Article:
Written by many faculty in the CAS Writing Program
Boston University’s lecturers publish books. We conduct research. We lead, and we innovate. Our courses have been highlighted in BU’s Annual Report. We win teaching awards — in fact, according to President Robert Brown, “Lecturers are consistently among those who win the highest (teaching) honors we offer.”
And, yet, President Brown excluded lecturers from the list of promoted faculty in his recent State of the University report, though non-tenure-track faculty comprise more than 71% of BU’s full-time faculty (according to IPEDS data) — suggesting that lecturers, who carry much of the University’s instructional load, do not count as faculty, and further that President Brown does not recognize our contributions to the university.
The authors of this letter teach in the College of Arts and Sciences Writing Program, which serves first-year students across BU’s schools and colleges. We teach small seminars, where students learn one another’s names and create one of their first communities at the University. Our pedagogy is deeply invested in inclusive practices. Underrepresented students tell us that the care we take with inclusive language helps them to feel welcome in the potentially alienating context of a large, majority-white, majority middle and upper-class campus. It is disappointing that some of the University’s most dedicated advocates for inclusion should find themselves excluded from an important symbolic acknowledgement of faculty achievement.
When several lecturers emailed President Brown to point out this omission, he responded to each of us with the same non-apology to — “acknowledge (our) expression of disappointment” — and justifying this inequitable practice as standard operating procedure: this is just the way announcing promotions has always been during his time at BU. Perhaps it is time for this practice to be updated to better reflect not only the contributions of our non-tenure track faculty, but also the priorities of the university on diversity, equity and inclusion.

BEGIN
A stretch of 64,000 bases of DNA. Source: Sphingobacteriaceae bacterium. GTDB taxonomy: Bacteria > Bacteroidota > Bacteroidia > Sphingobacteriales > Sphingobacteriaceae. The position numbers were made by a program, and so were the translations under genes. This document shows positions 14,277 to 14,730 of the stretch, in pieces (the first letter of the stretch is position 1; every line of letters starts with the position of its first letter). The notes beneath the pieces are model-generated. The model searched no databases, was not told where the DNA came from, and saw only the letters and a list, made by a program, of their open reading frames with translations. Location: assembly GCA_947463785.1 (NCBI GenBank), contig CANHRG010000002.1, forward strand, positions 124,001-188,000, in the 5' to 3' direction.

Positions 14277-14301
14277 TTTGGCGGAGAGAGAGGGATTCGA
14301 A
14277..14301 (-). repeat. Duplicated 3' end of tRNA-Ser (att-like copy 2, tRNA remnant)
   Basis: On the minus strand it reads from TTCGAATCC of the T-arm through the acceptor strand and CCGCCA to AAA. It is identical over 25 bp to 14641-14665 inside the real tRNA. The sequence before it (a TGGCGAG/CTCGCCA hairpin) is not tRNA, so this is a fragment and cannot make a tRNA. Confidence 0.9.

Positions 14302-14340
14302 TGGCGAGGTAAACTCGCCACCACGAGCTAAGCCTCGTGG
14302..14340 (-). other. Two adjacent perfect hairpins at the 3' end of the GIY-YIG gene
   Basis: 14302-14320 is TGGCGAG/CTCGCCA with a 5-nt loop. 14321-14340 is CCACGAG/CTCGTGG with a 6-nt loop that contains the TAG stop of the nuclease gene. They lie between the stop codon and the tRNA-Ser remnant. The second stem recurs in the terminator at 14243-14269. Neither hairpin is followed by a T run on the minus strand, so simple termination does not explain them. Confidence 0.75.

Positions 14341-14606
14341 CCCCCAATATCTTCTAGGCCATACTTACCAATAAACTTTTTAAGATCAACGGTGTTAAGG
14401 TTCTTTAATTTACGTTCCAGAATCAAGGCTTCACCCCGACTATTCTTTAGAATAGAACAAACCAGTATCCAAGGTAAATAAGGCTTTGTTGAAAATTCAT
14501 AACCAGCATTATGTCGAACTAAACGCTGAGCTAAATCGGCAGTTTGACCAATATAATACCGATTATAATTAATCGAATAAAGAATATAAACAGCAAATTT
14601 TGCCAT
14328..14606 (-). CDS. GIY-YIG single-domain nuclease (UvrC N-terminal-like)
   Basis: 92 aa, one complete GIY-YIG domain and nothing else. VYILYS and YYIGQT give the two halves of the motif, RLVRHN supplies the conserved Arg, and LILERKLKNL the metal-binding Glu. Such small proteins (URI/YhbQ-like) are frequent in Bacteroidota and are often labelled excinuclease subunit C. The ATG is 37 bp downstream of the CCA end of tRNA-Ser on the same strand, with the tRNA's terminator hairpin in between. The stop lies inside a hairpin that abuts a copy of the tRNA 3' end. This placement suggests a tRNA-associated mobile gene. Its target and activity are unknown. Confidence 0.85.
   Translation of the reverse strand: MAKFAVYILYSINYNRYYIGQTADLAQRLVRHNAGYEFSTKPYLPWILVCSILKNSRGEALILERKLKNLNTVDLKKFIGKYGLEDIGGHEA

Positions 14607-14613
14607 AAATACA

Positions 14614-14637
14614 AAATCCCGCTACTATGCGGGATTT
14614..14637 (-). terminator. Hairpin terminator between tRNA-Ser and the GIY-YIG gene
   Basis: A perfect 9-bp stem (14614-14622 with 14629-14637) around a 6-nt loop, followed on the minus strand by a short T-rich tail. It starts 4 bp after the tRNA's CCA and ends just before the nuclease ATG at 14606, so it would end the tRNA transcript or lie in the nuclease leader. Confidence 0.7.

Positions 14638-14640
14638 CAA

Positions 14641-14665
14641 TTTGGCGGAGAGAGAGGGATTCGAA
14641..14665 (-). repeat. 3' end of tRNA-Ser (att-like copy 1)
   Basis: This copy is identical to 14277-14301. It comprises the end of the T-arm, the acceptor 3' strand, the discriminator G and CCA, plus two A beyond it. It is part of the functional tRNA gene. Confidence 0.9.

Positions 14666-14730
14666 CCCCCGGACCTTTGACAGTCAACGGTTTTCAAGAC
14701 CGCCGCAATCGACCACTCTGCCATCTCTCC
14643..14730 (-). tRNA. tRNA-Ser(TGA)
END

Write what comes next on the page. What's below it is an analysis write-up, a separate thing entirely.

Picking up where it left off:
Indeed, BU’s Strategic Plan names diversity, equity and inclusion a top priority, declaring “a more diverse institution with equitable access, inclusive practices and opportunities for all faculty, staff and students” as “both distinctly important and necessarily embedded in all we do.” Something here doesn’t track.
Announcing lecturer promotions along with the rest of faculty promotions may not seem very important, but it stands for something larger. As BU’s own Organizational Development and Learning team wrote in a Nov. 2 email that went out to all faculty and staff, “Feeling valued and recognized is core to our sense of dignity and belonging. It is necessary for building trusting relationships and cultivating resilience in teams.”
We hope BU’s next president will take that statement more seriously.
Sarah Madsen Hardy